James Ford Rhodes (18481927). History of the Civil War, 18611865 1917.
I think you better break the enemys line at once,1 a suggestion which the General received with contempt, writing to his wife, I was much tempted to reply that he had better come and do it himself.2 Three days later the President wrote to him in great kindness: Once more let me tell you it is indispensable to you that you strike a blow. I am powerless to help this.3 Suggestion and entreaty were of no avail. Glorious news comes borne on every wind but the South Wind, wrote Hay to Nicolay [April 9]. The little Napoleon [McClellan] sits trembling before the handful of men at Yorktown, afraid either to fight or run. Stanton feels devilish about it. He would like to remove him if he thought it would do.4 No one but McClellan, wrote Joseph E. Johnston to Lee, would have hesitated to attack.5 It is the mature judgment of almost all military authorities that, outnumbering the Confederates as he did three to one, he could at this time have broken their line from the York river to the James and have reached his position on the Chickahominy a month earlier than he did. He missed his opportunity. By April 17, the Confederates at Yorktown numbered 53,000, and Johnston himself was in command. From this time on, nothing but scientific siege operations was feasible and, as McClellan was a capable engineer, these were undoubtedly as good as could have been devised. On May 3, Johnston evacuated Yorktown; he was followed on the retreat by the Union forces who brought on a battle at Williamsburg resulting in their defeat. On May 21, McClellan was in camp on the Chickahominy, seven to twelve miles from Richmond; he had in the meantime received a reënforcement by water of Franklins division of McDowells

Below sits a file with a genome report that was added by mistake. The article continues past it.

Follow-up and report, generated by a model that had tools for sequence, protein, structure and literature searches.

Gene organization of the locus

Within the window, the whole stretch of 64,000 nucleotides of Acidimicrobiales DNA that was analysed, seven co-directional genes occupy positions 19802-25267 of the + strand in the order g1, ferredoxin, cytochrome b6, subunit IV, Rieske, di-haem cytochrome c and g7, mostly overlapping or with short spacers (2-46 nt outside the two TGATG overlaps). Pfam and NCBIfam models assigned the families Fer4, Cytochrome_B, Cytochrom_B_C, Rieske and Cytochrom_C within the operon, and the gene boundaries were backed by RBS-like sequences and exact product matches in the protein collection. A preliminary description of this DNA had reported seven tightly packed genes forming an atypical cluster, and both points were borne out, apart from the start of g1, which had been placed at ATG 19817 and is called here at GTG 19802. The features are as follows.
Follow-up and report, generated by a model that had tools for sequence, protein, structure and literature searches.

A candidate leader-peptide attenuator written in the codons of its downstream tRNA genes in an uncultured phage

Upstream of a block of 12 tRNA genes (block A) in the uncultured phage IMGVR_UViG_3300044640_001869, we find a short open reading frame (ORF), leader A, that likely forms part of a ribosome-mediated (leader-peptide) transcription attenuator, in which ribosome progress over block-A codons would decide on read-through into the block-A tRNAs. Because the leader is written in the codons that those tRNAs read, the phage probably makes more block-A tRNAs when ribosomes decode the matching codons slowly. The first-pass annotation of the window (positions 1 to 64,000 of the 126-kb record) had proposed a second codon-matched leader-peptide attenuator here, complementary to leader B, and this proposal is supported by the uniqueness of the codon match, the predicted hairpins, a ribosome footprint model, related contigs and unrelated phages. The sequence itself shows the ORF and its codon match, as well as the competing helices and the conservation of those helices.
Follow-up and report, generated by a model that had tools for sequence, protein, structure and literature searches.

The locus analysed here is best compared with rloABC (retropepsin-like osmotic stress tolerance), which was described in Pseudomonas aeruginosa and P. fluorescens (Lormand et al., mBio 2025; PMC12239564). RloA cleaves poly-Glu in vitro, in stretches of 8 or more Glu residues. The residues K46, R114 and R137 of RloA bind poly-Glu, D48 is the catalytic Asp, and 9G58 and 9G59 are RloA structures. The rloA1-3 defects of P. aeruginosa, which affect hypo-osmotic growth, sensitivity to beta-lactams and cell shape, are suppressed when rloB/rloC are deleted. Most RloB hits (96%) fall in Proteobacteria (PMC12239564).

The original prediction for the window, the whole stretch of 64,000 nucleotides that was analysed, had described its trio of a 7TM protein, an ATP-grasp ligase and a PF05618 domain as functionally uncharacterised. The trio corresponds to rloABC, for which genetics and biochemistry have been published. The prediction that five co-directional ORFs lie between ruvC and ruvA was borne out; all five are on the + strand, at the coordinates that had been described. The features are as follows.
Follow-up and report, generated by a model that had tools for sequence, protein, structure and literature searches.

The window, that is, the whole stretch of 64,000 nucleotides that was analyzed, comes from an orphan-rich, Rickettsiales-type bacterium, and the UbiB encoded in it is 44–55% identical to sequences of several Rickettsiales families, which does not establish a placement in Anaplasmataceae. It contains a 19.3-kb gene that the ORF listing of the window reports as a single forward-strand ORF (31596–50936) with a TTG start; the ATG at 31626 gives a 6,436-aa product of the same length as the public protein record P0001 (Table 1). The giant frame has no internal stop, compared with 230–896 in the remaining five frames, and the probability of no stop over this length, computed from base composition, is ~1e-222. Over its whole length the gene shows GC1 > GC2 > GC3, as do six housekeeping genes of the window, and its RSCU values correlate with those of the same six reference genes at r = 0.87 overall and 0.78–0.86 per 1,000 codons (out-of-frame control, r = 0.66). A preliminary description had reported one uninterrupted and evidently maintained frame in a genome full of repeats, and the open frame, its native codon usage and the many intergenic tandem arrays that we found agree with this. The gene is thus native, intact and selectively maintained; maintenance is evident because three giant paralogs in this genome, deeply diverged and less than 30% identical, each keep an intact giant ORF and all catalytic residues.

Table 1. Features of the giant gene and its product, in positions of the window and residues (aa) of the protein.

Note 1. O. R., XI, Pt. I, 14, the line between the York and James rivers. [back]